This year’s Miss America Pageant was the most controversial in quite some time due to an Indian-American woman winning the crown and a memorable moment that saw a woman walking the stage during the swimsuit portion with her tattoos pridefully visible. Media used these two women to raise either racial remarks or disapproval of someone’s idea of beauty.

On Sept. 15, 2013, Nina Davuluri was crowned Miss America in Atlantic City in front of thousands of audience members. Davuluri was holding the Miss New York title and is the first Indian-American woman to win the Miss America title. She performed a traditional Bollywood dance and her platform was Diversity Through Cultural Sensitivity.

America likes to pridefully claim to be the “melting pot”, yet in a competition as prestigious as Miss America, critics chose to have racial judgements towards her accomplishment just because they didn’t feel she looked like an American. What does an American look like? America is made up of a mixture of races including Caucasians, African Americans, Hispanics, Asians and so on. Davuluri had just as much of a right to win the competition as the rest of the contestants.

“It was something I wasn’t surprised about. I’d experienced those same kind of remarks when I’d won Miss New York and I knew if I won Miss America it would happen again,” said Davuluri.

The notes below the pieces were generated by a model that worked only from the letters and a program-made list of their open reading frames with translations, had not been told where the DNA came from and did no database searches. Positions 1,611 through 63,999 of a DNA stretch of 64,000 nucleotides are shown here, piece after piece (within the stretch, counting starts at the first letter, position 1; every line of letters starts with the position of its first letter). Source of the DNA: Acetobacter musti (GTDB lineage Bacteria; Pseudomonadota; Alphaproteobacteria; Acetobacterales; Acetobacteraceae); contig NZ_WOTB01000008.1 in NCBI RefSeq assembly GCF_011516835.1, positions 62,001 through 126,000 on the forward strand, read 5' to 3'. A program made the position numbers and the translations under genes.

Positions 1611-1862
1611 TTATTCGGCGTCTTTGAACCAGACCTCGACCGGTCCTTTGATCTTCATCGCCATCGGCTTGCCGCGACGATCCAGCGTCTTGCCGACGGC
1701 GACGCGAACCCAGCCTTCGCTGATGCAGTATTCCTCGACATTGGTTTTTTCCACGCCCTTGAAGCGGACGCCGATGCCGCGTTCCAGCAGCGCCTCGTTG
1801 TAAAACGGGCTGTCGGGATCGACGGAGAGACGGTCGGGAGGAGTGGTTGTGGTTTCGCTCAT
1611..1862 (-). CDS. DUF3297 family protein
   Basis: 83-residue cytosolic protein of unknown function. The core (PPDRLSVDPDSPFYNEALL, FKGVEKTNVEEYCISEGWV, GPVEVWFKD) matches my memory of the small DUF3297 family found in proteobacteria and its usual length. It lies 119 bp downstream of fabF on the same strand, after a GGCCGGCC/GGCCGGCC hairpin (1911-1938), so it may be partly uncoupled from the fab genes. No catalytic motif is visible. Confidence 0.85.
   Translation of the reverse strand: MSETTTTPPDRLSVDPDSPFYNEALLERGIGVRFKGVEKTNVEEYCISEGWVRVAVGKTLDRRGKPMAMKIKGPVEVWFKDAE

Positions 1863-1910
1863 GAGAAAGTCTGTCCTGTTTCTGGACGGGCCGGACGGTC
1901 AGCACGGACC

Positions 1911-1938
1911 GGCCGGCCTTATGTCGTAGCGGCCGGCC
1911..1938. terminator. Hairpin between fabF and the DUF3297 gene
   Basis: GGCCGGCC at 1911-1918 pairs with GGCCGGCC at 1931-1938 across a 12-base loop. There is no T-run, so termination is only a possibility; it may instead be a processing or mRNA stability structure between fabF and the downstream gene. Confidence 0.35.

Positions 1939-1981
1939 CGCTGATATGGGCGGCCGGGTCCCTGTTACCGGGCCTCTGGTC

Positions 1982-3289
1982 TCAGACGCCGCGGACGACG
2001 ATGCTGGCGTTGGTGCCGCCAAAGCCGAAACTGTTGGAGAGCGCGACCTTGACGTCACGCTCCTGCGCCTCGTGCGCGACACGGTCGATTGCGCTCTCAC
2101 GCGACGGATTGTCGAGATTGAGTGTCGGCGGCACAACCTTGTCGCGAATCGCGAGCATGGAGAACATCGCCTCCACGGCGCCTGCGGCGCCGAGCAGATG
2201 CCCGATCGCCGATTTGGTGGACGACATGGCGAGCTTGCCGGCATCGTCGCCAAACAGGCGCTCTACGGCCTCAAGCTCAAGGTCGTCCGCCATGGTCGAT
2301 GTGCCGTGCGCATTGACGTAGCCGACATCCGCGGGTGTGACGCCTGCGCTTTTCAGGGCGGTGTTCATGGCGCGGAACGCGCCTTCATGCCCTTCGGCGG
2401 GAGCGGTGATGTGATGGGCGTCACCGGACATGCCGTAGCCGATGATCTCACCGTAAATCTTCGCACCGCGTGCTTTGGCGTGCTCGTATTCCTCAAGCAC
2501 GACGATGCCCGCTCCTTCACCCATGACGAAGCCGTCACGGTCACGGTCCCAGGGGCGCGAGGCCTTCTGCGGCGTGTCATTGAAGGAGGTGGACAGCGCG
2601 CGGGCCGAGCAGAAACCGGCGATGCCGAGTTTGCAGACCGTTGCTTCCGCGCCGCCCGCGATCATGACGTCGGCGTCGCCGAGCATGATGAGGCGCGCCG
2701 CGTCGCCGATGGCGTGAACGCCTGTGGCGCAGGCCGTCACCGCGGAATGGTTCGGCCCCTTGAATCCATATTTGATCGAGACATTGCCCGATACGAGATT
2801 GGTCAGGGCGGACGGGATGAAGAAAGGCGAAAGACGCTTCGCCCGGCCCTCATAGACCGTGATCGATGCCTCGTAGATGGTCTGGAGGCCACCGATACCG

Davuluri knew if she graced the Miss America stage, racial remarks would raise throughout the media. Yet, she pridefully walked across the stage and performed to her best abilities in all the events just like every other contestant. Also, along with Davuluri, Miss Kansas stole the media’s attention during the preliminary week with her tattoos, archery talent and also her six years of service in the military.

Theresa Vail, Miss Kansas, was informed the week of the pageant that her archery talent wasn’t allowed due to concerns over projectile objects. Vail changed her talent to Opera and sang “Nessun Dorma.” With her hard work during the preliminaries, Vail found herself in the top twelve, making it all the way to the talent part of the competition.

Society felt that if a woman with tattoos participated in a prestigious competition like Miss America, it wouldn’t be appropriate or beautiful. Who can say what true beauty is or isn’t? Society? The same people who influence young girls to do whatever it takes to be skinny and flawlessly beautiful? How does the color of someone’s skin or someone’s ethnic background determine beauty?

Allowing Miss Kansas and the New Miss America to hold their titles caused critical remarks from the media, but it also allowed women of all ages to see that all women are beautiful. These women were positive influences as they graced the stage, while performing each event just as well their fellow contestants. Every woman in the top twelve was unique in their appearance. From brunette to blonde, Asian to African-American, and from redhead to Indian-American, the competition was very diverse and showed the country a perfect example of how true beauty, poise and grace can be diverse as well.

 

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